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Goan Egg Curry

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Any decent cook needs to have tried and tested recipes for classic dishes which are used so frequently that one can make it in her sleep. I have been searching for a fool proof egg curry recipe for quite a while now but somehow the recipes I tried so far failed in one of the key criteria – husband and kid should like it, has to be easy to make, should not involve tough to get ingredients. Finally I found this one and it has succeeded on all three counts. Except coconut milk, all ingredients are usually always available in my kitchen and thanks to my everlasting love for Thai curries, I have coconut milk as well. If you don’t have coconut milk, increase the grated coconut quantity by 3-4 tbsp and add regular milk. 

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Protein – Egg 

Recipe from here

Serves 3-4

WHAT WE NEED

Coconut milk                    1/2 cup

Tamarind paste                      1 tbsp

Green chillies                          2-3

Cumin seeds, roasted             2 tbsp

Dried red chillies, roasted    2-3

Coriander seeds, roasted       2 tbsp

Poppy seeds, roasted              1 tbsp

Coconut, grated                       3/4 cup

Garlic cloves                            6

Chopped ginger                      1 tbsp

Oil                                             1/4 cup

Onions, finely chopped         2 cups

Curry leaves                            2 sprigs

Tomatoes, finely chopped    2 cups

Garam masala                         1 tsp

Turmeric powder                   1 tsp

Eggs, boiled & shelled            6

Salt

Coriander leaves to garnish

WHAT TO DO

  • Grind together the grated coconut, ginger, garlic, green chillies, roasted cumin seeds, roasted dried red chillies, roasted coriander seeds and roasted poppy seeds to a fine paste
  • Heat oil in a pan and add onions and curry leaves
  • Cook until onions are translucent and add the tomatoes
  • Cook till the oil separates, around 6-7 minutes
  • Add the ground paste, garam masala, turmeric powder and salt and cook till the oil separates again
  • Add two cups water and cook till it boils
  • Simmer for 10 minutes and add coconut milk and tamarind paste 
  • Let it come to a boil and simmer for 2-3 minutes
  • Add the eggs and garnish with fresh coriander 
  • Serve hot with rotis or paratha
  • Enjoy!

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This is my post for the Mega Marathon under the theme, ‘Protein Rich Dishes’.
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Mor Kozhambu

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This is me saying hello from Mumbai. I got here over the weekend to spend a week with my parents. Every time I plan a visit to my parents’ place, I have visions of having strong filter coffee while reading the newspaper in the morning, lounging around the sofa the entire day watching pointless television serials, getting my favourite dishes piping hot and fresh and spending time with my friends talking about everything and nothing. But what actually happens is I am rushing from one place to another cursing the Mumbai traffic, gulping down the coffee in a minute,  shopping in a frenzy and meeting so many people but talking jut a few sentences and rushing again. The only thing that remains constant is mom managing to make all my favourite dishes despite any crazy schedule we have.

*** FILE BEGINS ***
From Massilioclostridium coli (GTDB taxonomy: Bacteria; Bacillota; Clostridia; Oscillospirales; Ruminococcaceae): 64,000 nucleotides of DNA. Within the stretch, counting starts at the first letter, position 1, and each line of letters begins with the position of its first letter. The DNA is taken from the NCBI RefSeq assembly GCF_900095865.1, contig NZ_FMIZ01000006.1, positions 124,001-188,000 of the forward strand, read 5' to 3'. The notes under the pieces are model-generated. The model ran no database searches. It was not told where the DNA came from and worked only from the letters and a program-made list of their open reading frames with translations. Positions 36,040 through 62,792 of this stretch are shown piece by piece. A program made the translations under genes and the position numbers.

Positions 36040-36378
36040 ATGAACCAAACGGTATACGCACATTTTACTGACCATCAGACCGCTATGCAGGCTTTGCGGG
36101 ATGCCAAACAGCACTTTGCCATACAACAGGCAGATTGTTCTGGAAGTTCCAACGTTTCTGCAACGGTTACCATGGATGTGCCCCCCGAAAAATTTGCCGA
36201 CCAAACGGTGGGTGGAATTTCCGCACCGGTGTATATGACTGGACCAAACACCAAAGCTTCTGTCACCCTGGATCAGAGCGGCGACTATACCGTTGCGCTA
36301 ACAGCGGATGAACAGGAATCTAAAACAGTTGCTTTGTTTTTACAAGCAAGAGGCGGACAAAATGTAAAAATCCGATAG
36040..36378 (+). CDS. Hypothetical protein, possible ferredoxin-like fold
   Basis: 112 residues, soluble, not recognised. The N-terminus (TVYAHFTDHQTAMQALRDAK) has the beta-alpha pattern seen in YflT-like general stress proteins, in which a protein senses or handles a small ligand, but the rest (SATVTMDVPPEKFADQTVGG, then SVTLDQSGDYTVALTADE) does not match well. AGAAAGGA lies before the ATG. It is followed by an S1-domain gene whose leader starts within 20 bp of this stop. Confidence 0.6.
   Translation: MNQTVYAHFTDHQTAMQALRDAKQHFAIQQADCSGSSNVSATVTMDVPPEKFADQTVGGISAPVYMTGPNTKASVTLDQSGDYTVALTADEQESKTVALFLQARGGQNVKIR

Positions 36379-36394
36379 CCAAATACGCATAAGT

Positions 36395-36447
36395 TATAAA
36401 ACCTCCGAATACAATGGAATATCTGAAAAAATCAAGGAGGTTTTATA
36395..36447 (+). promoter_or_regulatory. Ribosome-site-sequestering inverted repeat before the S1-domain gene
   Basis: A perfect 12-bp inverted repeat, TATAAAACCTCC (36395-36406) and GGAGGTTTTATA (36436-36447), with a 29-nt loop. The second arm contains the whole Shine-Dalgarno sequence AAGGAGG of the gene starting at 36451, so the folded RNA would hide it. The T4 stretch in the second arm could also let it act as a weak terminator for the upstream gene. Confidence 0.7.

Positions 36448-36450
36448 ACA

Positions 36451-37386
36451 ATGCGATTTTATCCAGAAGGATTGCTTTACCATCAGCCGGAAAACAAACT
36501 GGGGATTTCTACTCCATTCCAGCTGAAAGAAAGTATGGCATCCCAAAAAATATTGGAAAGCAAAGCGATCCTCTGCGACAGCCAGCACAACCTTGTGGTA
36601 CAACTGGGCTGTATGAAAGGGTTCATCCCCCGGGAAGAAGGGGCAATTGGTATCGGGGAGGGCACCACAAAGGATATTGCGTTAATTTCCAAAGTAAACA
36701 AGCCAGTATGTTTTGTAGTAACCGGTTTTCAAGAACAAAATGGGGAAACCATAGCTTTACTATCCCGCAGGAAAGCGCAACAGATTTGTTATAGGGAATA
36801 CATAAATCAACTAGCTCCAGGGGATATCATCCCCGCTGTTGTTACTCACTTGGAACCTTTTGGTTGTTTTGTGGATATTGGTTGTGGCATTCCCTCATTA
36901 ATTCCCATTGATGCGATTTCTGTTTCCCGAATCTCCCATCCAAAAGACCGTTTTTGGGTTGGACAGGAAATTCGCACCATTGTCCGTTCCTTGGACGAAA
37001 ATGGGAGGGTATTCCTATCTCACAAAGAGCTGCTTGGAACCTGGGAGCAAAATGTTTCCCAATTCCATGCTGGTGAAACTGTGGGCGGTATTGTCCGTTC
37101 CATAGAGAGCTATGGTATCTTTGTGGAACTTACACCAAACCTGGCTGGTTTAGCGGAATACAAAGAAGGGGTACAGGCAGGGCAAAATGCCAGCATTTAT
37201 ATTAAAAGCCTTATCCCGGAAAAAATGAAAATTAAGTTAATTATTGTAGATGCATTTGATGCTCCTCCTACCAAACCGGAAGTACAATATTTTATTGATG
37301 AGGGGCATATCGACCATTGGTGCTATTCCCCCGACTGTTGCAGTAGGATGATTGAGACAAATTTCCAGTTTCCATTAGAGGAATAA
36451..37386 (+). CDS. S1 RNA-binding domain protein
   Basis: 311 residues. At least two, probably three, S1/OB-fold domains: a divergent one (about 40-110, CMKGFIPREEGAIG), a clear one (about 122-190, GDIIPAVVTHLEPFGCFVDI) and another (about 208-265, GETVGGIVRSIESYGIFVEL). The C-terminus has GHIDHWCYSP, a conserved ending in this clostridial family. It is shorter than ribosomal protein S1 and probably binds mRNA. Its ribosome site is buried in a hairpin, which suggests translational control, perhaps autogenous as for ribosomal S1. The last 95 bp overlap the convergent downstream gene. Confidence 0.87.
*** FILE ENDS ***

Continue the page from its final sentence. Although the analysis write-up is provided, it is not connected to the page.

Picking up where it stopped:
One of my favourite dishes is this mor kozhambu. I love my mom’s version but I never manage to nail it and so I picked this recipe online despite my mother fuming. This is the last week of this Mega Marathon and I am showcasing miscallenous proteins – from diary based to flour based to eggs. 

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Mor Kozhambu ( curd based sambhar) is a creamy concoction of curds, coriander seeds, some lady’s fingers and few spices. It goes very well with beans parupu usili and rice.

Protein – Curds

Recipe from here 

Serves 3-4

WHAT WE NEED

Lady’s fingers                     5-6

Canola oil                            2 tsp

Curds                                    3 cups

Turmeric                             1/4 tsp

Salt

Coconut, grated                  1/2 cup

Green chillies                      3-4

Split pigeon peas                 1 tsp

Coriander seeds                  2 tsp

Cumin seeds                         1 tsp

Raw rice                                1/2 tsp

Coconut oil                            1 tsp

Mustard seeds                      1/2 tsp

Curry leaves                          2 sprigs


WHAT TO DO

  • Soak the split pigeon peas, coriander seeds, cumin seeds and raw rice in hot water for 10 minutes
  • Cut the lady’s fingers into 3″ pieces and fry them in the canola oil for 4-5 minutes with salt till it is cooked
  • Drain the water and grind the soaked ingredients along with green chillies and coconut to a fine paste. Add little water, if needed
  • Take the curds in a vessel and whisk it well
  • Add the turmeric powder and salt and mix well
  • Add the lady’s fingers and ground paste and mix well
  • Cook on medium low flame till it comes to a boil
  • Simmer for 3-4 minutes and take off the heat
  • Heat coconut oil in a small pan and add mustard seeds and curry leaves
  • Pour it over the mor kozhambu
  • Enjoy it with rice, Adai or sevai

NOTES

  1. The lady’s finger can be replaced with ash gourd or chow chow. These do not need to be sautéed. Cook them in a little water for 5-6 minutes and add to the curds

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This is my post for the Mega Marathon under the theme, ‘Protein Rich Dishes’